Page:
The next part relates to the sale of the property by Edward. Once Carmichael had placed the certificate of title in his safe, Edward took the certificate and forged a number of documents. He then entered into a verbal agreement for the sale of the property with Farah Ltd to sell the property. The transfer documents were forged by Edward to appear as if Albert had actually signed the documents which was not the case. Farah Pty Ltd went ahead to lodge the documents at the Titles Office for registration. The question here is whether Farah Pty Ltd has acquired any interests or right in the property. The Property Law Act 1974 (Qld) establishes the requirement that any contract for the sale or transfer of an interest in land must be in writing. The Act further provides that legal interests in land must be set out in a document or a deed which is in writing and signed by the person who is to be bound by the interest being created. In the current case, Edward (acting as Albert) entered into a verbal contract for the sale of land with Farah Pty Ltd. According to the provisions of the Property Law Act 1974, such a contract is not enforceable. If there had been an enforceable or valid contract for the sale of the property, the mere fact that the two parties entered into the contract might have granted Farah Pty Ltd an interest in the property.6 Even if that was the case, a further issue arises as to whether such a contract would have been valid bearing in mind that Edward had forged Albert’s signature.
There are instances where fraud committed by a legal interest holder such as Albert can lead to the creation of an equitable interest such as through the execution of the transfer forms.7 In this case, however, it is not the legal interest holder who was involved in the transaction. Edward had forged the documents for the sale of the land and also forged Albert’s signature on the transfer forms. In such a situation, the question remains whether Farah Limited acquired any interests in the property. Although a registered interest takes precedence over an unregistered one,8 even if the transfer documents lodged by Farah Pty Ltd would be registered, the transaction is null and void due to the fraud committed by Edward. In such a case, Albert would have the right to go to court and have the transaction set aside because of fraud.9 This means that Farah Pty Ltd acquired no interests in the property. It can only sue Edward to recover the money paid for the transaction.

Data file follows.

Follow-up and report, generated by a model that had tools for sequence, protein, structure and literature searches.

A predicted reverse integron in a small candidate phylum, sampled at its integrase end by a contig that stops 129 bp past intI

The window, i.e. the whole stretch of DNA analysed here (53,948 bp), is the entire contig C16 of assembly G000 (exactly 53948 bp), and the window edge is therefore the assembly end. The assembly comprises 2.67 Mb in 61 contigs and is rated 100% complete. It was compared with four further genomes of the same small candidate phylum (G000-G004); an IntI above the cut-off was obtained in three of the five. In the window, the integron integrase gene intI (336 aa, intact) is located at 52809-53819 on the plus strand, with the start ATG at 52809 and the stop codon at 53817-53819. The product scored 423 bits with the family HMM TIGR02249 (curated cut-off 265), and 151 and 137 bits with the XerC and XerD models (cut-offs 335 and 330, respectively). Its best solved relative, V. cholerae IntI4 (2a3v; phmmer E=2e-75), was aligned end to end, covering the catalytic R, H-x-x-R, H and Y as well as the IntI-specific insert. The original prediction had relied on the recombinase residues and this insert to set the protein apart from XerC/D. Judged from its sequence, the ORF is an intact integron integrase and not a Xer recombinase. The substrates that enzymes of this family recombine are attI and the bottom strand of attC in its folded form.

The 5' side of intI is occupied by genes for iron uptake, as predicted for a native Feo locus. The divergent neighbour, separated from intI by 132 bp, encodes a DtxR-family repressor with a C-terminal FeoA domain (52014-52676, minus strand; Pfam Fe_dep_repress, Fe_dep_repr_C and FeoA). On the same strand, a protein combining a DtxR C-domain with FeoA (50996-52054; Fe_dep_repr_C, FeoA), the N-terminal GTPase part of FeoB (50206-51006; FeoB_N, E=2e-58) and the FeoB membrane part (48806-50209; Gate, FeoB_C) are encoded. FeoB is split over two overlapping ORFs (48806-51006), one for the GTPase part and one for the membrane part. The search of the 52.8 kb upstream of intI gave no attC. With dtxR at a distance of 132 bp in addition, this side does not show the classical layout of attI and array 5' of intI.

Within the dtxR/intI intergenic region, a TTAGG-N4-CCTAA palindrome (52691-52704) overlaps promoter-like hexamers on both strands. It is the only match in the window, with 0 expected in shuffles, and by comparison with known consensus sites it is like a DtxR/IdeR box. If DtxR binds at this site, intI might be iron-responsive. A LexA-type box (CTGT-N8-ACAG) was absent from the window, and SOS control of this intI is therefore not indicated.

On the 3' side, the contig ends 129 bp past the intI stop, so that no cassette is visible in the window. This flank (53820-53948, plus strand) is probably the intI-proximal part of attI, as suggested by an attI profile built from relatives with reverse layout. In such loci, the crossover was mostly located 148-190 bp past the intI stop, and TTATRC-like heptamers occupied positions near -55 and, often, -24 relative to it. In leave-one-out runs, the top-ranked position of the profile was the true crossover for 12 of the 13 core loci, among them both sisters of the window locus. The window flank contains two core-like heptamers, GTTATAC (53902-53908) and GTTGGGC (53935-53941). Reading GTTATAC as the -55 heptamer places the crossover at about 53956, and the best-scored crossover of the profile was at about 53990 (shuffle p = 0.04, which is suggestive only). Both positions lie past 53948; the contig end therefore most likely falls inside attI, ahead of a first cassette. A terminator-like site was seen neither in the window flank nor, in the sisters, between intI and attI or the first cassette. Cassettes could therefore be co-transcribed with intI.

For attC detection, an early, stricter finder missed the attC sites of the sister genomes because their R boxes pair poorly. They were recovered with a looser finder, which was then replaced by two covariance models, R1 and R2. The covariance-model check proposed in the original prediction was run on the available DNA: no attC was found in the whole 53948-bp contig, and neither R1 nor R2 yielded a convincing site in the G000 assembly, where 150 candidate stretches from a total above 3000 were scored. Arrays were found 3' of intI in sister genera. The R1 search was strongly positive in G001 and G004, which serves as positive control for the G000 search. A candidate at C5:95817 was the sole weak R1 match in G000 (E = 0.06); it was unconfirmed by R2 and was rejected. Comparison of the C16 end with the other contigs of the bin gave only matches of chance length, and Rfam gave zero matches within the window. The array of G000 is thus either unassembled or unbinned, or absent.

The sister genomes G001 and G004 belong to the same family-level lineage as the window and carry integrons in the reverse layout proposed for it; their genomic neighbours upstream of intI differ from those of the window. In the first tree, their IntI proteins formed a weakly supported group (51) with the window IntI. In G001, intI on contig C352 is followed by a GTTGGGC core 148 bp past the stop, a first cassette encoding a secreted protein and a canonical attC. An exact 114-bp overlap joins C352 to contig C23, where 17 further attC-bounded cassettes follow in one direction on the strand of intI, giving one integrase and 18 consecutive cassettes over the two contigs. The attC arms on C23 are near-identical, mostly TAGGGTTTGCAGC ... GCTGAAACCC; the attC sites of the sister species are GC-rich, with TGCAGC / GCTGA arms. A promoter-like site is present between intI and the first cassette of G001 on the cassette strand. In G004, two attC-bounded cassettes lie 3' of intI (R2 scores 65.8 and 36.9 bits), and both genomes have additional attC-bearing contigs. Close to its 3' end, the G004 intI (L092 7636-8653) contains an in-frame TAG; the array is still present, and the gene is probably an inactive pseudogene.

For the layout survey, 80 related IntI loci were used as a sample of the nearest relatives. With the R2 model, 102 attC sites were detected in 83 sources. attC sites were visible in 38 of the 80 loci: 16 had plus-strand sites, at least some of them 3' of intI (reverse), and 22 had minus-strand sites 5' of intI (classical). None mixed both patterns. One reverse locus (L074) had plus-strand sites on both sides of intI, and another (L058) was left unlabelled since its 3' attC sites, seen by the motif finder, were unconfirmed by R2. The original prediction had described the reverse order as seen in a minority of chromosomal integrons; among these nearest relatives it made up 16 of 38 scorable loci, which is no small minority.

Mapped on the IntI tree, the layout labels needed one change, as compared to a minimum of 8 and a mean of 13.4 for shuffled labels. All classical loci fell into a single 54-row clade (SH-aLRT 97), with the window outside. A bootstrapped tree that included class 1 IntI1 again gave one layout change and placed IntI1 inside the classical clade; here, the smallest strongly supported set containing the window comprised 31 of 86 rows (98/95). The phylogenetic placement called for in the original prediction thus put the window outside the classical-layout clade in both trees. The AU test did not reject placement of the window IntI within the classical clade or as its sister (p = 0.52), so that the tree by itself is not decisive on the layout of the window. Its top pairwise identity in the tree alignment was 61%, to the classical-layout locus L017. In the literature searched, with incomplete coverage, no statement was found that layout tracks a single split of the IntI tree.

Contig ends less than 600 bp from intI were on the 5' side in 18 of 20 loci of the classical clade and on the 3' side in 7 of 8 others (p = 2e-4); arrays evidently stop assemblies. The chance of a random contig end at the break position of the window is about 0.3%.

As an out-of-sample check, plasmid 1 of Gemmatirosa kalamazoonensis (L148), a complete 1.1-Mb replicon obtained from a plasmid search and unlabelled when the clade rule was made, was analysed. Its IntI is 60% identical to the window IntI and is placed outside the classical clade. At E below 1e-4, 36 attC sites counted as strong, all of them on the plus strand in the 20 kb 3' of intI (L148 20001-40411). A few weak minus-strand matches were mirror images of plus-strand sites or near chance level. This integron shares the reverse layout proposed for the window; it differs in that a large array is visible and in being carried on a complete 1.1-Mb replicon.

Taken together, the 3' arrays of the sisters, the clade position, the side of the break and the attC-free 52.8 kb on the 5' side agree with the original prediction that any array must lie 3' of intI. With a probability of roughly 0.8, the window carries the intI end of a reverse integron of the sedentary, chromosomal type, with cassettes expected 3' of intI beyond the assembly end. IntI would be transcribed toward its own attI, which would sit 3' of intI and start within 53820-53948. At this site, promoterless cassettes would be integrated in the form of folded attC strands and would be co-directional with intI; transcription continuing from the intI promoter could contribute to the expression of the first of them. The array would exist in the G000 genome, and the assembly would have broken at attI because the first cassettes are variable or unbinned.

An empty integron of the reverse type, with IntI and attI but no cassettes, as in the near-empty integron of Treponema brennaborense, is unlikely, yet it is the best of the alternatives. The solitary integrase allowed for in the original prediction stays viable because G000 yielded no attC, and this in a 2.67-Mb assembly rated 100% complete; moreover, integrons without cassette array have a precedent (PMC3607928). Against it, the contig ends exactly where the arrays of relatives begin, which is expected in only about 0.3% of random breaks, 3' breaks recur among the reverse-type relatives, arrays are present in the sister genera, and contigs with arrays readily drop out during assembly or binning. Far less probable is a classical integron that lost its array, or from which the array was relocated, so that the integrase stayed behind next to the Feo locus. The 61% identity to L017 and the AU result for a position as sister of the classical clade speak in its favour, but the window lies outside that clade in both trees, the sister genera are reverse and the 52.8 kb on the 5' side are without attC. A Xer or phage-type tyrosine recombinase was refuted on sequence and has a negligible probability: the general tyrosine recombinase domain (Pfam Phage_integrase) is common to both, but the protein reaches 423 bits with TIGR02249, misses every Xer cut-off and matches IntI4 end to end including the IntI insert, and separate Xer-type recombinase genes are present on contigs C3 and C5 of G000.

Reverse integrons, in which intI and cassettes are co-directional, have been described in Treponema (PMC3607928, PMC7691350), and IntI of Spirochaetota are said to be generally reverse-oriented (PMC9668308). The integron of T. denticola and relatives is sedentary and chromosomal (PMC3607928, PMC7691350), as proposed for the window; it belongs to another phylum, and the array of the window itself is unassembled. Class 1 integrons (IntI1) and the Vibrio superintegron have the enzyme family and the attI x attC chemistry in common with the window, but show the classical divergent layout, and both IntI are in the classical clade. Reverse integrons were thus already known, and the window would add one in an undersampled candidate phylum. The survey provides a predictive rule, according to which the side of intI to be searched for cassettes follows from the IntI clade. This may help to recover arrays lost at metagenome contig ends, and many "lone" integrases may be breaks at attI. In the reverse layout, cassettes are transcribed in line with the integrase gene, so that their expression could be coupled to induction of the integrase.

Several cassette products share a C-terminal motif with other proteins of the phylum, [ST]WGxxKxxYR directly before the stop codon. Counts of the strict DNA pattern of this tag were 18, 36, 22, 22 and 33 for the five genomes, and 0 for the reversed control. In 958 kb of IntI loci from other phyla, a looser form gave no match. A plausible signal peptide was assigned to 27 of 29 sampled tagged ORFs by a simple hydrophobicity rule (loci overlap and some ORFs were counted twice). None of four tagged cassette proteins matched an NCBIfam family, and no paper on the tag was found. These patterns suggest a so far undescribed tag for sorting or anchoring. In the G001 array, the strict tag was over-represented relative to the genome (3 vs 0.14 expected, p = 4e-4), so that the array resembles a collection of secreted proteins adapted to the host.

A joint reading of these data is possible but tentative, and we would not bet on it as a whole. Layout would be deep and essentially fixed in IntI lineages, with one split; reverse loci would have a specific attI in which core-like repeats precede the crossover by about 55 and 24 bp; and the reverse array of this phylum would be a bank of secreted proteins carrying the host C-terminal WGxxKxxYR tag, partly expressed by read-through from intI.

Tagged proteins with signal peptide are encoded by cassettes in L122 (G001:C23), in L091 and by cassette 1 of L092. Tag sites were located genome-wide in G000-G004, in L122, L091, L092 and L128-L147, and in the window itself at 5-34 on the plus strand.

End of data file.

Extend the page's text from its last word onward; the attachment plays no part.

In this case, the persons with interests in the property are Albert and Denise. Albert has a legal interest in the property while Denise has an equitable interest in the property arising from the equitable mortgage created. For Barry, no equitable mortgage was created as no mortgage instrument was signed.
Stewart Cameron, Mortgages (The University of Sydney, 2014).
The Property Law Act 1974 (Qld)
The Land Title Act 1994 (Qld)
1 Section 72 of the Land Titles Act 1994 (Qld).
2 Ibid Section 72(1)(a) and (b).
3 Section 75(1) of the Land Title Act 1994 (Qld).
5 Stewart Cameron, Mortgages (The University of Sydney, 2014) 16.
6 Lysaght v Edwards (1876) 2 Ch D 449.
7 Northern Counties Fire Insurance Co. v Whipp (1884) 26 Ch D 482.
8 Section 178(1) of the Land Title Act 1994 (Qld).
9 Smith v Jones (1954) 1 WLR 1089.